Using External Annotations
Using External Annotations
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If you had worked with IntelliJ IDEA for a while, you're most likely aware of @Nullable, @NotNull
annotations which allow you to formally specify method contracts and
validate whether these contracts are met, and @NonNls annotation which
is helpful when you want to exclude strings from the
internationalization process. (Read more about contract annotations in IntelliJ IDEA)
However, there're several cases when direct annotating code is not advisable: for example, project is shared between team members that use different IDEs, or you work with library classes. That does not mean you can't make use of these annotations, though – with IntelliJ IDEA you can store annotations outside of the source code.
Let's have a look at how it works. First, we need to open the Settings dialog (Ctrl + Alt + S) and go to Code Style (F), then check the option Use external annotations at the Code Generation tab. Now, add the annotations.jar library to either module or project. You can find it under INTELLIJ_IDEA_HOME/lib folder.
After that, open your current inspection profile and make sure Constant conditions& exceptions inspection is enabled and Suggest @Nullable annotation for methods that may possibly return null option is selected.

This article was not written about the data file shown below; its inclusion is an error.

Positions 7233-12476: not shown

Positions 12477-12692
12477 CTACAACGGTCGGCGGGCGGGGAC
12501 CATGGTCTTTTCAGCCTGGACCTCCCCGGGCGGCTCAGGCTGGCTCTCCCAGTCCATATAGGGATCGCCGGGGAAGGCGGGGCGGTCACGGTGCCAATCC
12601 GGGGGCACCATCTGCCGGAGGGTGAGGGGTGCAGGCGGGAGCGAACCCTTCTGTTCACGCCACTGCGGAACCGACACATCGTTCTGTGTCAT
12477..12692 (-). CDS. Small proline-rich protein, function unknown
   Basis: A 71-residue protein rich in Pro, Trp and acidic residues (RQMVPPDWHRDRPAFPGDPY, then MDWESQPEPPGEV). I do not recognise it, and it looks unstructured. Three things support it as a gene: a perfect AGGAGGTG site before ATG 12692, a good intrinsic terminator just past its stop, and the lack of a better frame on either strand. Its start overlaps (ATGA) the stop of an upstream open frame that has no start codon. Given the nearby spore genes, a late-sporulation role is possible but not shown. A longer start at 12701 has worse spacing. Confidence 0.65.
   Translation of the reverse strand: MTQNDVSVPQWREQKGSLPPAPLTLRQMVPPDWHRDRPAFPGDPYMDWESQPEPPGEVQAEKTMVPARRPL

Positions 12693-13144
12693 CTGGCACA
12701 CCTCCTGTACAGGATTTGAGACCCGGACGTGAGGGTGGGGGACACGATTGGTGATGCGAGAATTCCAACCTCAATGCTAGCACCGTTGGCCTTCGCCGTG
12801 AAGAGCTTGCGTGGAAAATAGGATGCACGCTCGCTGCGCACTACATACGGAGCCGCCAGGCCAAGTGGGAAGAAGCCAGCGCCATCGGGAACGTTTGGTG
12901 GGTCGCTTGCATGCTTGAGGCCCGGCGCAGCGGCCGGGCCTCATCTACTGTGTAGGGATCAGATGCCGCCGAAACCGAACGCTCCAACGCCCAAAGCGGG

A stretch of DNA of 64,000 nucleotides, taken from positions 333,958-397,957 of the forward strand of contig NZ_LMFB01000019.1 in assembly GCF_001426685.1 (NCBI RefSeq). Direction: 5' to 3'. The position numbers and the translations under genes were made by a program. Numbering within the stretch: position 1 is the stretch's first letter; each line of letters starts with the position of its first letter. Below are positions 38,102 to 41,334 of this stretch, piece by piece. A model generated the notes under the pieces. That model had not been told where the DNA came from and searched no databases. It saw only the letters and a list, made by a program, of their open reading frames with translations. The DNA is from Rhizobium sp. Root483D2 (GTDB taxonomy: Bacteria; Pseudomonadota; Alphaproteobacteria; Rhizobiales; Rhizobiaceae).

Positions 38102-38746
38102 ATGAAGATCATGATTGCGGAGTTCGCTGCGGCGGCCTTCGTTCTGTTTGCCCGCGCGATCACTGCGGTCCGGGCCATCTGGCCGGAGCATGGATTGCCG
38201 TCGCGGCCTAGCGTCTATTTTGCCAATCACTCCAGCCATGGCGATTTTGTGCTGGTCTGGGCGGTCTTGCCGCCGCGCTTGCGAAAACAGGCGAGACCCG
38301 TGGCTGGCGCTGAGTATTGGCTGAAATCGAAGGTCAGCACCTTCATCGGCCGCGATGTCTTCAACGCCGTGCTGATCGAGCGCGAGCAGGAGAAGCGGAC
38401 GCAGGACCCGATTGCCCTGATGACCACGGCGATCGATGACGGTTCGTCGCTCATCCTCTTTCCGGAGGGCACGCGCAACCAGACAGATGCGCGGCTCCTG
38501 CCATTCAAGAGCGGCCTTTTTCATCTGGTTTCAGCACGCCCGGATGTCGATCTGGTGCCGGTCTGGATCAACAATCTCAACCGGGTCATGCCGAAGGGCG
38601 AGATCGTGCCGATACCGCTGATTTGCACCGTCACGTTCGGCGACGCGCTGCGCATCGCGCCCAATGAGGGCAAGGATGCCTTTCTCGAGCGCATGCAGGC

At this moment we can enjoy externally annotating methods, fields, parameters, etc. For example, we work on a module that contains a method that might return null.
Let's add annotation – just click the light bulb. IntelliJ IDEA asks
whether we want to add annotation in code directly, or store it
externally. Select the second option and specify the external
annotation root for the current module.
Note: You only select the location for external annotations once, so each next external annotation within this module will be stored in the same folder. Alternatively, you can specify annotations root at any time: open Project Settings dialog and go to the Modules page, then select the needed module and open its Paths tab. There you can find External annotations area, where you can manage external annotations attached to the module.
Now, this method is annotated without placing anything to the source code directly. You can press Ctrl + Q to view the attached annotation.
With external annotations you can even annotate methods within JDK classes.
Just like when you add external annotation on the module level, you can
specify the storage location right when you add the annotation, or
using Project Settings dialog. In the latter case, open Project Settings dialog, go to JDKs and specify the path in the Annotations tab.
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